On Mon, 17 May 2010 17:20:28 +0100, Dave Whipp - d...@dave.whipp.name <+nntp+browseruk+a2ac8a2dcb.dpuu#dave.whipp.n...@spamgourmet.com> wrote:

nigelsande...@btconnect.com wrote:

There are very few algorithms that actually benefit from using even low hundreds of threads, let alone thousands. The ability of Erlang (and go an IO and many others) to spawn 100,000 threads makes an impressive demo for the uninitiated, but finding practical uses of such abilities is very hard.

It may be true that there are only a small number of basic algorithms that benefit from massive parallelization.

There is a distinct difference between "massive parallelisation" and "thousands of threads".

The important thing is not the number of algorithms: it's the number programs and workloads.

From that statement, you do not appear to understand the subject matter of this thread: Perl 6 concurrency model.

Even if there was only one parallel algorithm, if that algorithm was needed for the majority of parallel workloads then it would be significant.

In fact, though utilizing thousands of threads may be hard, once you get to millions of threads then things become interesting again. Physical simulations, image processing, search, finance, etc., are all fields that exhibit workloads amenable to large scale parallelization.

Again, "large scale parallelisation" does not equate to "millions of threads".

For CPU-bound processes, there is no benefit in trying to utilise more than one thread per core--or hardware thread if your cores have hyper-threading. Context switches are expensive, and running hundreds (let alone thousands or millions) of threads on 2/4/8/12 core commodity hardware, means that you'll spend more time context switching than doing actual work. With the net result of less rather than more throughput.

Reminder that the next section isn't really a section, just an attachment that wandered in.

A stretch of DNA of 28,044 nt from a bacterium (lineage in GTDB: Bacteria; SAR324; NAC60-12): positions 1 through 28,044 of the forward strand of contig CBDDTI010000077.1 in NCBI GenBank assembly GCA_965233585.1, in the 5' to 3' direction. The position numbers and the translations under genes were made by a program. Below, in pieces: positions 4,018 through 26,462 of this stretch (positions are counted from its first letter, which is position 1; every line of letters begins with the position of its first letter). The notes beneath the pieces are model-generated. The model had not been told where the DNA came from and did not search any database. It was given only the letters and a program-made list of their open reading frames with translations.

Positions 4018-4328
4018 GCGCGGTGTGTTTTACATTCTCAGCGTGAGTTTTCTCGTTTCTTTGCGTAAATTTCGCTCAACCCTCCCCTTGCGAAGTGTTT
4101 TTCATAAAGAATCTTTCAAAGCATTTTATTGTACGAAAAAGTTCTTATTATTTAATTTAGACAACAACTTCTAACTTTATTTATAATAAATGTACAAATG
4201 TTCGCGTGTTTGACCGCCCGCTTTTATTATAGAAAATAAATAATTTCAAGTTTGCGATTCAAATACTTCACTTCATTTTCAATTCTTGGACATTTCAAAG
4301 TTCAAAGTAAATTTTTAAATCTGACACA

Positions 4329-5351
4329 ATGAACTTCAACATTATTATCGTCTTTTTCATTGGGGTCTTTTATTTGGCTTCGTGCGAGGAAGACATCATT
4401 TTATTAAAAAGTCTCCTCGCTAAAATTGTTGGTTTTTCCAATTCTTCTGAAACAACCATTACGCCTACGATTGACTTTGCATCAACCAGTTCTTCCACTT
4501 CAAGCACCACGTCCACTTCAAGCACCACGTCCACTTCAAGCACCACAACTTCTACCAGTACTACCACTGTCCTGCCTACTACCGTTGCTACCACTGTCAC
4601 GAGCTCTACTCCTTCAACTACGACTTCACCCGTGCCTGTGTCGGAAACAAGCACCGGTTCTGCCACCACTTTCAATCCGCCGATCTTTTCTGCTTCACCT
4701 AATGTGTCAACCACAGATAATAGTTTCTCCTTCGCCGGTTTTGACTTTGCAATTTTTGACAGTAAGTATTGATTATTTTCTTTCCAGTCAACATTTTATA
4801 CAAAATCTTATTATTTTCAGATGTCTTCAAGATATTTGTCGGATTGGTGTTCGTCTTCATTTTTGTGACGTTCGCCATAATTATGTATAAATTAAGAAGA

Sure, there are exotica hardware that have thousands of cores, but it hardly seems likely that having spent $millions upon such hardware to run your massively parallel algorithms to solve problems in realistic time frames, that your going to use a dynamic (no-compiled) language to write your solutions in.

And for IO-bound processes, asynchronous IO scales far better than throwing threads at the problem.

Pure SIMD (vectorization) is insufficient for many of these workloads: programmers really do need to think in terms of threads (most likely mapped to OpenCL or Cuda under the hood).

If you care to review the thread, you'll find that I'm the pro-(kernel)threading candidate in this debate.

Sure, OpenCL goes far beyond just throwing SIMD workloads at the local GPU, extending out to heterogeneous clusters and other massively parallel hardware setups, but I think that it is beyond the scope of Perl 5 to consider catering to such systems as a core requirement. Catering to such exotic systems is far better left to external modules written and tested by those with the need for and experience of such systems--and with the hardware to run it on. There is simply no purpose in burdening the 99% of Perl 6 installations that will never have a need for such things with the infrastructure to support them in the core.

To use millions of threads you don't focus on what the algorithm is doing: you focus on where the data is going. If you move data unnecessarily (or fail to move it when it was necessary) then you'll burn power and lose performance.

Sorry, but I've got to call you on this.

Parallelisation (threading) is all about improving performance. And the first three rules of performance are: algorithm; algorithm; algorithm. Choose the wrong algorithm and you are wasting cycles. Parallelise that wrong algorithm, and you're just multiplying the number of cycles you're wasting.

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